You are ought to update your app. Even if you’re not into it, update becomes inevitable with a nearest OS update. And you’ll have to deal with them for the rest of the app’s lifetime.
OK, then how frequent those updates have to be?
Well, the more frequent – the better it is. Apple App Store gathers ratings on each update separately. Google Play Market downranks crashy and outdated apps in the search. Plus, every app update is a good reminder for user that your app still exists on his phone. At last, it just makes user think that the app undergoes constant improvements, even if it’s not.
So, minor bug fixes every 2-3 weeks – great. Big updates every 2 months – even better.
But how much will it take me?
Roughly – 15-20% of the app development cost. Precisely – I’m afraid, you’ll have to read the whole article to find that out.
Is your app native-, hybrid-, or web-based?
If you’ve built the app for more than one platform, then you’ve, probably, already faced this question. And it has the same impact on the update cost as it had on the average cost to develop an app.
Here are the major differences:
- The priciest one, but “the best quality” award winner here. It will deliver the finest optimization and the smoothest UX and UI possible. But, it will cost you. As Swift/C# for iOS and Java/Kotlin for Android developers will be necessary for sure. Oh, and there is also Windows Mobile…
Also, every update will have to pass through submission process on the app stores.
- Roughly, a browser embedded within the app envelope. So, all you might need – an HTML/CSS and/or JS developer(s) with knowledge of some fancy frameworks like React Native.
It’ll cost you way less than Native app, yet won’t provide same quality level and it’ll still be necessary to pass through submission process.
- Basically a web page. Even with no shell on it. Therefore, you can forget about the pain with app stores! Probably, all the staff you’ll need is one front-end developer.
But, one more thing you can forget about is decent UI/UX and optimization, OS integrity and its features, stability, etc.
So, a decent social app for both iOS and Android natively might cost you near $80.000 – $100.000. Therefore, approximate price for an updates of both native apps is near $20.000 total.
Hybrid app development – $50.000 – $60.000, so updates will cost near $15.000.
As for web app – why would you even do such thing?
Whom to hire?
The best-case scenario is if the same people who developed your app will work on its updates. No matter if that’s an agency or a freelancer. Lots of agencies provide free maintenance for some after-release period. Even some top freelancers do that. So, at least you get covered with minor bug-fixing updates.
Just like with app development, price depends on the region where you hire developers. To make it short, here is the chart with average prices around the world.
But that chart doesn’t reflect payrolls for only PMs, QA testers, designers, marketing specialists, technical writers. As somebody has to curate those developers, look for bugs, create new look, make press-releases and write technical documentation.
Yes, that’s all redundant for a “flashlight app”. But what about Uber-like app? Logic is simple: the more complex your app is and the bigger audience you have – the more staff you need. That’s all necessary to keep a good pace of update releases and maintain quality of those on a decent level.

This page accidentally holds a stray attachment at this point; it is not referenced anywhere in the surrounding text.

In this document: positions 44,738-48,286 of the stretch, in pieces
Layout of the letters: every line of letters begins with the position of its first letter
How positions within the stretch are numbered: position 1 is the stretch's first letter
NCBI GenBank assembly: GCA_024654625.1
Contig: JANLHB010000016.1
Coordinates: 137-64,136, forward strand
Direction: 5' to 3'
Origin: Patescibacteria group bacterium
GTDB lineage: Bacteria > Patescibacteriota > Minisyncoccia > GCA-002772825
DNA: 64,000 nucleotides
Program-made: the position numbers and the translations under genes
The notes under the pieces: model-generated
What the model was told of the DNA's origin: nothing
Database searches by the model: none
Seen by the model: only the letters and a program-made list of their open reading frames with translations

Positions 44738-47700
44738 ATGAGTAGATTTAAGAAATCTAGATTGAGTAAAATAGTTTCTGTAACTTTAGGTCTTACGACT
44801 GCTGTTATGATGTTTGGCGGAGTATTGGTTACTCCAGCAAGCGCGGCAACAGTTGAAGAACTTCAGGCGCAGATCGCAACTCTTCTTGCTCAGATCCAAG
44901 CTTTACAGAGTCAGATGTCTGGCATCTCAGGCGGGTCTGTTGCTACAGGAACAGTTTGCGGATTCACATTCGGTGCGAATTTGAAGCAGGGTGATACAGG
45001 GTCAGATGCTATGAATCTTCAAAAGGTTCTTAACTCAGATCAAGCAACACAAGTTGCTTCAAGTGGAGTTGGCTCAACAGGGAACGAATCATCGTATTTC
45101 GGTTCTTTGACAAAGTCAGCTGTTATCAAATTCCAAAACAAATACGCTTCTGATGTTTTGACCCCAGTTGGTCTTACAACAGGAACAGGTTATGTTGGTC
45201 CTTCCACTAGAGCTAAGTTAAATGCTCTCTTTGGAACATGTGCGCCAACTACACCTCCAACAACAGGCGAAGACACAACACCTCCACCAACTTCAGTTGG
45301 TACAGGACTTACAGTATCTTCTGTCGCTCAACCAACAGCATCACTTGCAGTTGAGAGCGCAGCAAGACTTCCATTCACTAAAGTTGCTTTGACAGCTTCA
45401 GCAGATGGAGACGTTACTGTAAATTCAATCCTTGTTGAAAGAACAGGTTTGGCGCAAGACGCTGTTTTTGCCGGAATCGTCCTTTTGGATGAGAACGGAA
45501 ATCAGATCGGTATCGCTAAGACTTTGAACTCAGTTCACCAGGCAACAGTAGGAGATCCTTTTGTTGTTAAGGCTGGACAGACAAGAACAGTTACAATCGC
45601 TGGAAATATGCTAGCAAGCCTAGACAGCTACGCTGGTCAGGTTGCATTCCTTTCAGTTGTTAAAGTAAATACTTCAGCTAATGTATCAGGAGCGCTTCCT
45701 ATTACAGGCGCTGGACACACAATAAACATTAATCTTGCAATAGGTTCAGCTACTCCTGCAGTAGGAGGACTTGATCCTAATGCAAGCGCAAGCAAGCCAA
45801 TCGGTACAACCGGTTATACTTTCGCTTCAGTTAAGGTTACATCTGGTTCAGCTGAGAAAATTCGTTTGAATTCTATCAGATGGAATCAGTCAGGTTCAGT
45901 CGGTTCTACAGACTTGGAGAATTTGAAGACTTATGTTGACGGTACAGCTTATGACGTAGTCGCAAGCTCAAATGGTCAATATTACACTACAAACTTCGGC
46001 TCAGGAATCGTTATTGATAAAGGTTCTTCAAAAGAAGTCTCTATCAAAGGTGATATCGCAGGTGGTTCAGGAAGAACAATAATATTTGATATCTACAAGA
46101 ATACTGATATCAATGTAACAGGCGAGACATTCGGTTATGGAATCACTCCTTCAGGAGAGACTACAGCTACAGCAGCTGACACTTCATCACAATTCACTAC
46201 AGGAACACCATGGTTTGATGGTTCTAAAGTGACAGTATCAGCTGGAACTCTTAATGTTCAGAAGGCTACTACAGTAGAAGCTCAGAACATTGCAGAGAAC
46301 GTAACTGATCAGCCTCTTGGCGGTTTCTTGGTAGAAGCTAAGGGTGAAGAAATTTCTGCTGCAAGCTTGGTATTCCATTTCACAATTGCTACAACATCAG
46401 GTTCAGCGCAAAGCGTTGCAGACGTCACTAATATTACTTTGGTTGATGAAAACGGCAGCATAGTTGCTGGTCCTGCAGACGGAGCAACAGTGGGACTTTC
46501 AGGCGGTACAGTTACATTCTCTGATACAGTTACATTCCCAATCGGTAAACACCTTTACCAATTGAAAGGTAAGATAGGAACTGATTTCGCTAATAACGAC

So, for a plain, Android-native, chatting app one freelancer from eastern Europe for $10-$25/hour will be more than enough.
While for a decent social app with extensive functionality contracting some app-development agency might be a good idea. Especially if you’ve contract the same agency which developed your app. As those usually provide discounts for the products they’ve made. And all that staff besides developers is already included in final price. Also, price itself is pretty negotiable.
As for the price itself: remember that rule of thumb? Consequently, if you payed $100.000 for the app development – something between $10.000 to $20.000 is a price for a major update. However, that number is very very approximative. Best decision here is to count yourself: average payment rate in a decent agencies which starts from $20/hour for 1 developer multiplied by the approximate number of necessary for the development hours.
App stores fees
The least of all your worries. All you have to know is:
- Google Play Market charges $25 one-time entry fee.
- Apple App Store takes $99 a year. And 30% fee for using App store payments.
- Windows Store – an annual fee of $49 USD for an individual or $99 USD for a company.
- Other app stores vary drastically. Prices go from absolutely free to 20% on each app purchase, or fixed monthly/annual payments. There is just too much of them to list here.
App cost calculator (as a conclusion)
Remember, all prices in this article are very approximative. In real life you’ll rarely meet such neat round numbers like $100.000, and for sure, you won’t count the cost for update by simply figuring out how much is 20% from it. There is just too much factors to consider in every particular situation.
But what might help a lot here is some good app cost calculator. So you could come fully armed into this ruthless world of the app development.
About the Author: Alex Volski: I am a content writer at Thinkmobiles. And all this 5 years I’ve been working with mobile technologies. So yeah, I’ve seen some… things =). Currently, I’m involved in a few AR mobile app projects. Anyway, whether you’d like to ask something or just want to share some thoughts – contact me ASAP!